Australia Day 1- Travails of Jet Lag

This is the first in several entries on Australia. There won’t be one for everyday, just whenever a good blog entry pops into my head. I’m also going to back-date them to the day they happened.

Australia. Oz. Down Under. It’s a place everybody claims they want to go, but very few people actually do- which is a shame. I mean, aside from the cost of a plane ticket and a 24-hour plane ride, why the heck not? Even the plane ride isn’t that bad these days, what with a library of movies, music, and TV shows at your own personal beck and call through the entertainment system. Just be sure to get an aisle seat (which I did), and get up frequently… which I did, but mainly because my digestive system was busy “filing complaints,” shall we say.

I had also procured some sleep medication, because if there’s one thing I’m not good at, it’s sleeping on planes. It’s like every possible discomfort is magnified threefold, whether it’s my back digging into the armrest, or the little kid shrieking ten rows up. (Side note: a surprising number of people think it’s worth it to fly to Australia with little kids.) (Side-side note: Ear plugs are awesome.) (Side-side-side note: now back to your regularly scheduled programming.)

The sleeping pill I took is supposed to give you eight hours of sleep. It gave me 3. So 15 hours later, I landed in Sydney (25 hours after taking off from RDU), I had gotten maybe 4.5 hours of sleep. And it was 6:40 am– a full day loomed ahead.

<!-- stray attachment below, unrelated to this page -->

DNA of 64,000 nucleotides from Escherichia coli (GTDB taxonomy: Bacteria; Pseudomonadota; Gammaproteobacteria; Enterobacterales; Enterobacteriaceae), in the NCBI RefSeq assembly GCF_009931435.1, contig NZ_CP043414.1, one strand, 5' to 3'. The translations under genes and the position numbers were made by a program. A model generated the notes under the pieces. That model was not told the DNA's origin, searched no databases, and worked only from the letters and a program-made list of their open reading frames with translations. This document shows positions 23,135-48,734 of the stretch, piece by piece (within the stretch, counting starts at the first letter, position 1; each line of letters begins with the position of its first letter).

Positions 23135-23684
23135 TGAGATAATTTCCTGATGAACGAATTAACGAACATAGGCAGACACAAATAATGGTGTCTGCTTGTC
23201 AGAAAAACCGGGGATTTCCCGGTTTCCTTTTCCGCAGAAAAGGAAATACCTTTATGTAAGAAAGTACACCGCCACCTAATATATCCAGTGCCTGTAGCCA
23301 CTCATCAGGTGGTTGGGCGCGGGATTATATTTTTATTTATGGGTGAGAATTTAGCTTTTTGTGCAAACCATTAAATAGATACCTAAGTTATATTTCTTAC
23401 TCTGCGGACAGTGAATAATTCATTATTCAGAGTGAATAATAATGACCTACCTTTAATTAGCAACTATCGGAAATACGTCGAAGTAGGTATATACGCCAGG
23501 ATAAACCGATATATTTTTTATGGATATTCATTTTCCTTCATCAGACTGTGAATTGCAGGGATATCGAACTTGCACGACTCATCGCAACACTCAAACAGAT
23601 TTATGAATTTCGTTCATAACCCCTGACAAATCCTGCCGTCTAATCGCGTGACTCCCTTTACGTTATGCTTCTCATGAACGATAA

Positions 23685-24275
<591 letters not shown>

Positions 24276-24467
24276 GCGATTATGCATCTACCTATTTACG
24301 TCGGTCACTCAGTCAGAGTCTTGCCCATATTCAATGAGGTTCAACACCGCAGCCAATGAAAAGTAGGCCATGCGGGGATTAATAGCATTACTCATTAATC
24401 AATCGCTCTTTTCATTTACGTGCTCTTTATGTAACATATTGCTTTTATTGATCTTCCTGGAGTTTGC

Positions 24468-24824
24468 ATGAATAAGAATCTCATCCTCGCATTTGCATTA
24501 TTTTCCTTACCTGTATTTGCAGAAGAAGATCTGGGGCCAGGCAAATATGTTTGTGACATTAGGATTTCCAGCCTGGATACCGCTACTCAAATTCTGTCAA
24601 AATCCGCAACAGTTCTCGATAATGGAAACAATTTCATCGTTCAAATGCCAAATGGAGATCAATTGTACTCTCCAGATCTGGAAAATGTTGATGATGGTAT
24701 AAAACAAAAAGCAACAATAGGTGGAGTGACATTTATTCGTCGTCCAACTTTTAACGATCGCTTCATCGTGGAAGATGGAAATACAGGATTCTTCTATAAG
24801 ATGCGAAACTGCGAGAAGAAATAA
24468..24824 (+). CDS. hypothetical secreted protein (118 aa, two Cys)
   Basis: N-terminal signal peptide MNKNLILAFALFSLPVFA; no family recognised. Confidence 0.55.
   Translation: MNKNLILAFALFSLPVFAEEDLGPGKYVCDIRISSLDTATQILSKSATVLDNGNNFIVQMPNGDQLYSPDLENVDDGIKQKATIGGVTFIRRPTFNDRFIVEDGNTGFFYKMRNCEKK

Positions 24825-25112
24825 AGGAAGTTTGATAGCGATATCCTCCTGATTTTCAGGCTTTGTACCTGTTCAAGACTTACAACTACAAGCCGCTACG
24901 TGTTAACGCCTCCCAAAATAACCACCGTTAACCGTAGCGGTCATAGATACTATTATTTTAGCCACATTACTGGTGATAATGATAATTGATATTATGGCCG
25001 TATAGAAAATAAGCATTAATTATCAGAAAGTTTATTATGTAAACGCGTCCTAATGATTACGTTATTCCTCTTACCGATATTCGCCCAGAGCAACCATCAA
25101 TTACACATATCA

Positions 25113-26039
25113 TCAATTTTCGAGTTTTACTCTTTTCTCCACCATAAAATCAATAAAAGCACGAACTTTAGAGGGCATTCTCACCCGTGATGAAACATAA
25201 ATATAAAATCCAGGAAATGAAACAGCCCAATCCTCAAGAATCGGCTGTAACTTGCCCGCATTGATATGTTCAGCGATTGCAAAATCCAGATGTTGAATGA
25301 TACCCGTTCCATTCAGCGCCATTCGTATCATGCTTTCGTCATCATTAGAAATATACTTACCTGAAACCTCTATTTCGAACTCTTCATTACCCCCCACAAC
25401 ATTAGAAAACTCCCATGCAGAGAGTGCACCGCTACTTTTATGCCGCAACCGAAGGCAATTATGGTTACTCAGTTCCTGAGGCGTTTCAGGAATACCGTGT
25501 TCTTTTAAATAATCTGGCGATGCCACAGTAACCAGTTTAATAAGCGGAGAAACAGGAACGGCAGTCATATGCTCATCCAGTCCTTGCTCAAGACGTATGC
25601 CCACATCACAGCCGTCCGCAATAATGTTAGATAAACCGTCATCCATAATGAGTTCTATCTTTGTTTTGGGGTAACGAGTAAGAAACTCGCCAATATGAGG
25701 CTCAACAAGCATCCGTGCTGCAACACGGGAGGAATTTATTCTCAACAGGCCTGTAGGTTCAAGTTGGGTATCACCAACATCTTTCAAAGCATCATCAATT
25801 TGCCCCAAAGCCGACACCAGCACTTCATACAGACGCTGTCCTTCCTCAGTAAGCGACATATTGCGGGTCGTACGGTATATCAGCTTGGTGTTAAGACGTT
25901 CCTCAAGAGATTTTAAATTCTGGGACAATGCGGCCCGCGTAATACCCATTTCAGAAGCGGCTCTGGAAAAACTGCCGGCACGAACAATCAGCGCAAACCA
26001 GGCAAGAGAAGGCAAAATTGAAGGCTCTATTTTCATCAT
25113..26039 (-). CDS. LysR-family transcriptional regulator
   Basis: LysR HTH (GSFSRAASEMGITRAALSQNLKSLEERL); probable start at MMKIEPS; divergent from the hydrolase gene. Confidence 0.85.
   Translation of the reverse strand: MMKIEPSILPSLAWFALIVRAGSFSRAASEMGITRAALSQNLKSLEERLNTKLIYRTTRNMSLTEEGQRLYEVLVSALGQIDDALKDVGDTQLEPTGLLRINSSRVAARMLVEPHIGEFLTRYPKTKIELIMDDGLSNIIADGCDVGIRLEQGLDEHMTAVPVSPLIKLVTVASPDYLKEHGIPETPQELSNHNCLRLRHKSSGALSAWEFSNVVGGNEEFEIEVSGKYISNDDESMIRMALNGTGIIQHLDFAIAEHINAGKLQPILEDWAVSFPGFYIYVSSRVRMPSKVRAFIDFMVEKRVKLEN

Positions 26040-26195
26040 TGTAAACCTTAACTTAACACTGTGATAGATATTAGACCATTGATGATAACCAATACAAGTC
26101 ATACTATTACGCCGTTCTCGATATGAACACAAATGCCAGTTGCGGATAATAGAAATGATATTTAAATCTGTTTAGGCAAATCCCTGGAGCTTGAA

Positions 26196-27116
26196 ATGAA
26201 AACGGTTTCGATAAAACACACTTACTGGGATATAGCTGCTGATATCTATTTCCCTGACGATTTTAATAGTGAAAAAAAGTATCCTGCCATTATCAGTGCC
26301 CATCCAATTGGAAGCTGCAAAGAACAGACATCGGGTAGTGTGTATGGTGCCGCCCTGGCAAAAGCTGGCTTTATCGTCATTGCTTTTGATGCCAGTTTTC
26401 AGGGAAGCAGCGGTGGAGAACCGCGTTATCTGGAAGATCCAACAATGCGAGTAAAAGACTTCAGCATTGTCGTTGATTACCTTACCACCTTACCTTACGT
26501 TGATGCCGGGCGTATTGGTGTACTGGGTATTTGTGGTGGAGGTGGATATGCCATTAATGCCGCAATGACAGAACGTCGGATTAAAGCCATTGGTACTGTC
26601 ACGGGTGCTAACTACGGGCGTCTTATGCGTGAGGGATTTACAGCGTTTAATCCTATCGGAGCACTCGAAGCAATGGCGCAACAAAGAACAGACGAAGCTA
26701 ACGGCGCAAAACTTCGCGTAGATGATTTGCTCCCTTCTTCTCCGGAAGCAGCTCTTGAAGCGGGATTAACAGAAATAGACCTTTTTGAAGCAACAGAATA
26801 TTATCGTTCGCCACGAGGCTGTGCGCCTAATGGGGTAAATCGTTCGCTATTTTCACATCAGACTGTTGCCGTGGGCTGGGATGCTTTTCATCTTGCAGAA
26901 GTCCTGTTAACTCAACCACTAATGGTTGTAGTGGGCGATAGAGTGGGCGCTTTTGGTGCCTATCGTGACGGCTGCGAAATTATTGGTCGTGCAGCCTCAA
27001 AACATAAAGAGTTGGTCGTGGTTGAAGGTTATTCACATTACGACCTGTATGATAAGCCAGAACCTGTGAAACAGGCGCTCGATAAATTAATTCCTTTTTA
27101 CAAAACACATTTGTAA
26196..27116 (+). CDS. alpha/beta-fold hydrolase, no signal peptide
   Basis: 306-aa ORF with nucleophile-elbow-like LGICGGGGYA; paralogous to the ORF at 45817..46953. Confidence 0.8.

Said day started with an hourlong wait in the customs line. They take customs VERY seriously in Australia, to the point that I had to declare the granola bars in my backpack, and they asked if I was carrying any uneaten food from the airplane (because if there’s one thing worth saving for later, it’s airline food). Still, it’s understandable: non-native animals, plants, and diseases have a long history of wreaking havoc with the ecosystem (just Google “Australia rabbits” for an example).

So once I got through customs and got my bag (which made it- a minor miracle in and of itself), I found myself in Sydney. I took the train into the city center– the Sydney subway has double-decker train cars– and found myself at the hotel with more than four hours before check-in time, still somewhat dazed from the flight. What to do? I left my bag at the hotel and decided to start walking.

The day was sunny, cloudless, thirty degrees Celsius (or in Fahrenheit, “really nice”). I headed north, toward the harbor, along the paths of Hyde Park, with incredibly old trees lining the path. These were clearly trees that had been around since Sydney was a small penal colony on a pristine, wild harbor.
The path continued, past ornate fountains and palm trees that looked like they’d been shipped straight from Miami, until I saw a pair of white sails in the distance. They disappeared as I cut West, between a pair of apartment buildings, following no particular guide except my own feet, and suddenly I found myself at the water’s edge, facing Sydney Harbour Bridge in all its gray metallic glory. I made my way down the harbor’s edge, past restaurants and shops and the few people out and about on a Sunday morning, and found the sails again– except now they’ve resolved into the shape of the Sydney Opera House, glistening white in the morning Sun.

So there I am, standing on the edge of one of the greatest harbors on Earth, Sun overhead in a blue, cloudless sky, sea breeze in my face, in full of view of two of the most recognizable landmarks in the world. I can practically feel my batteries recharging as I stand there. Jet lag? What jet lag?